Freedoms For Turkish Ulama: Can Ulama Rock Please?
Pinar TremblayWhen I first saw the news on the rocker imam being investigated by the Directorate of Religious Affairs, I thought it was Zaytung news. You may recall earlier this year the DRA made an announcement on one of the Zaytung articles about an atheist imam. Jokes can get complicated in Turkey. Well this time the news was not a joke. There really is an investigation against an imam who was singing with a rock band.
This is not the first time a controversy about ulama (clergy) has made the news. Indeed, AK Party has been confronting the imams in Turkey and abroad. Remember during the Gezi protests, Bezm-I Alem Mosque in Dolmabahce Istanbul, had a muezzin who gave a testimonial which went against the government rhetoric. Did the Gezi protestors enter the mosque with shoes and consume alcohol? The Muezzin agreed with the first accusation as they were in a rush to seek refuge from tear and pepper gas, but he stood his ground that he had not witnessed any alcohol consumption.
The Turkish government’s grip on religious figures goes beyond borders. Erdoğan scrutinized Al-Azhar Sheikh recently for his support of the military coup in Egypt. The head of the Organization of Islamic Cooperation (OIC) has not been spared from criticism either, for his stance on Egypt. All of these examples are rather recent, within the last couple of months. The relationship between religion and politics has always been intriguing. For years, in Turkey the battle of laicité has strained the balance between religion and politics. Many times the blame has been assigned to religion. Religion should not be used to manipulate politics. What is more mind-boggling for Turkey is that religion, at least Sunni Islam, has always been under strict control of the government. The Directorate of Religious Affairs (DRA) is responsible for the repair and upkeep of all Sunni mosques, the salaries of imams and other personnel in Turkey and abroad. The DRA is placed right under the Prime Minister’s Office. Its 2013 budget is considerable, larger than 11 Ministries, leaving behind the Interior and Foreign Ministries.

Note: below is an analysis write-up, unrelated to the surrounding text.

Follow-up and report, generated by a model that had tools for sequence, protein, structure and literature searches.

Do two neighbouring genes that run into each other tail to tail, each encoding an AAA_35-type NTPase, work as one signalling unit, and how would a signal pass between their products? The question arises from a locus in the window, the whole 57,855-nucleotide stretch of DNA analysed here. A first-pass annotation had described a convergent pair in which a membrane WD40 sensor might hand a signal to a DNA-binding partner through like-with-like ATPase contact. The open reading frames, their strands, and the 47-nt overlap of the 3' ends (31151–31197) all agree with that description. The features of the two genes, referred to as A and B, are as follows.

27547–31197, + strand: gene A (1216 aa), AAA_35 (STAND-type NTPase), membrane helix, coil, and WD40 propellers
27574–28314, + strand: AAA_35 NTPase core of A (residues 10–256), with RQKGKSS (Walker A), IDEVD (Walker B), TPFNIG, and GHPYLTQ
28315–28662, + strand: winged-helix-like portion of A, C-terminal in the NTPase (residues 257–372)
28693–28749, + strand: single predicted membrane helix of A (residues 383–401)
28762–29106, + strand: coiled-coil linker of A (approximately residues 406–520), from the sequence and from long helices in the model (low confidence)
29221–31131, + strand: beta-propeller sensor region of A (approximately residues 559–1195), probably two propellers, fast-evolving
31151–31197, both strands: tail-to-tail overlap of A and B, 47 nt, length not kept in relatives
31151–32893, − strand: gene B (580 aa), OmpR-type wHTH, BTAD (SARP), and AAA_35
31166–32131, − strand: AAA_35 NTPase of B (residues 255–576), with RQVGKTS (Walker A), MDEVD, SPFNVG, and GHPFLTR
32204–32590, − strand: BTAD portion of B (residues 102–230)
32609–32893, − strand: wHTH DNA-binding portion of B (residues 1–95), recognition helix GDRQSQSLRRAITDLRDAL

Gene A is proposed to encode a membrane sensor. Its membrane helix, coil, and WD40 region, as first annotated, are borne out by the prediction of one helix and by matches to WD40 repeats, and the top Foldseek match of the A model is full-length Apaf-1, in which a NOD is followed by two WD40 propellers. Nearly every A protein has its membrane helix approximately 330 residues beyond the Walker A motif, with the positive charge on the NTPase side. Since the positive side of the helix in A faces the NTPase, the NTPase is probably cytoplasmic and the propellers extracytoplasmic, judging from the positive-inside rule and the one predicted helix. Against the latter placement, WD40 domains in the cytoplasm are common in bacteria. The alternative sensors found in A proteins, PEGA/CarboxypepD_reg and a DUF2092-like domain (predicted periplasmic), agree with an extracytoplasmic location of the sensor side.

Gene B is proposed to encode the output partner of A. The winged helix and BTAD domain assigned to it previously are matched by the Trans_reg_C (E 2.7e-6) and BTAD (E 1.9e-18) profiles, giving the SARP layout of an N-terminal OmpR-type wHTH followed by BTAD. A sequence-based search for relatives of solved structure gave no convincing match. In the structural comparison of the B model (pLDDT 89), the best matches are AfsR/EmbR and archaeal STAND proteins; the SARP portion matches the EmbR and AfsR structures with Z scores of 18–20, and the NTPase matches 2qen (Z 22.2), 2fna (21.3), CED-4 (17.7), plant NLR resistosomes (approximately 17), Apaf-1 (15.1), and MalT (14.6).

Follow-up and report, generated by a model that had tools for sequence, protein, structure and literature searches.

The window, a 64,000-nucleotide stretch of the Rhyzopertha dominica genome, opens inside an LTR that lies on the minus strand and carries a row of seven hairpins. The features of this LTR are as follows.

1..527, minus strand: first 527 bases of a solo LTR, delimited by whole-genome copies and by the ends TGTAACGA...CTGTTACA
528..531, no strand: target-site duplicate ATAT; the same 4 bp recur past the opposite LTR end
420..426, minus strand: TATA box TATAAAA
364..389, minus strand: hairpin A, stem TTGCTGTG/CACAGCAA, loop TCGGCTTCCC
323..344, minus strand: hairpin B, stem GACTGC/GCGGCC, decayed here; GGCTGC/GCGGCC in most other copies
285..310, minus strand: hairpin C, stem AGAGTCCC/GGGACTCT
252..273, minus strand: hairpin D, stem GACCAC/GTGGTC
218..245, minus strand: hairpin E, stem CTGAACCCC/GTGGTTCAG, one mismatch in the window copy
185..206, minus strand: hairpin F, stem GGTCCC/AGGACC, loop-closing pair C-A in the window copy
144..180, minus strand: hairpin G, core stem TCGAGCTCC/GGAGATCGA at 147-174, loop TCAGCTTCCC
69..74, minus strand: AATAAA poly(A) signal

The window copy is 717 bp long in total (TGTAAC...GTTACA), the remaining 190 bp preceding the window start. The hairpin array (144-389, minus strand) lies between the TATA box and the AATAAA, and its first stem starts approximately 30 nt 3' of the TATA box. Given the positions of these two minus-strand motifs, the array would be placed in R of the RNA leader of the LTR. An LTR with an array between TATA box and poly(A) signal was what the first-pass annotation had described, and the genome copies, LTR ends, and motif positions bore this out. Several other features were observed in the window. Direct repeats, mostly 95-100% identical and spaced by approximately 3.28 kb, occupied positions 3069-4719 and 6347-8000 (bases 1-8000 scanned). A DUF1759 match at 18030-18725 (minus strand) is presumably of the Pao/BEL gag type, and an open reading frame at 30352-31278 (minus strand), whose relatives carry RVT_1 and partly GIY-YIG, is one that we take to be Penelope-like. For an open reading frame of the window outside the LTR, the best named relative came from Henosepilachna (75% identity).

However, is the existence of the directorate in the best interest (maslahat) of the Turkish public?
There are several matters to discuss about the DRA and definitely its services are remarkable, its investment in women vaiz (preachers) in the last years in particular should be appreciated. However, the DRA first and foremost serves exclusively Sunnis. Its financial or moral assistance to other Muslims, Christians, Jews, or atheists is none. It is a daunting task to explain where the DRA stands either in an Islamic or a secular state. It benefits from the tax payers’ money but represents only some of them.
Then if you look among the Sunnis, is it really a compliment that Friday hutbes (sermons) are “given”
by the DRA to each mosque? Should not each imam have the freedom to write and present his own sermon, sustain his own mosque and congregation? In the day and age where almost anyone can setup a webpage and explain “Islam,” should not the ulama have a bit more freedom to express its views? It is the state that educates them but then fails to trust most them to be independent? When imams are state employees, are the mosques state buildings as well? On a theoretical level the issue really gets more complicated. We see that the “fear of religion” from the 1920s has endured.
Many Turks feared religion would shape politics; however, if we turn the statement on its head we should question the instances when politics has shaped religion in modern day Turkey. Maybe it is time the ulama seeks freedom as well from the government? The first step may be allowing the imam to enjoy his music?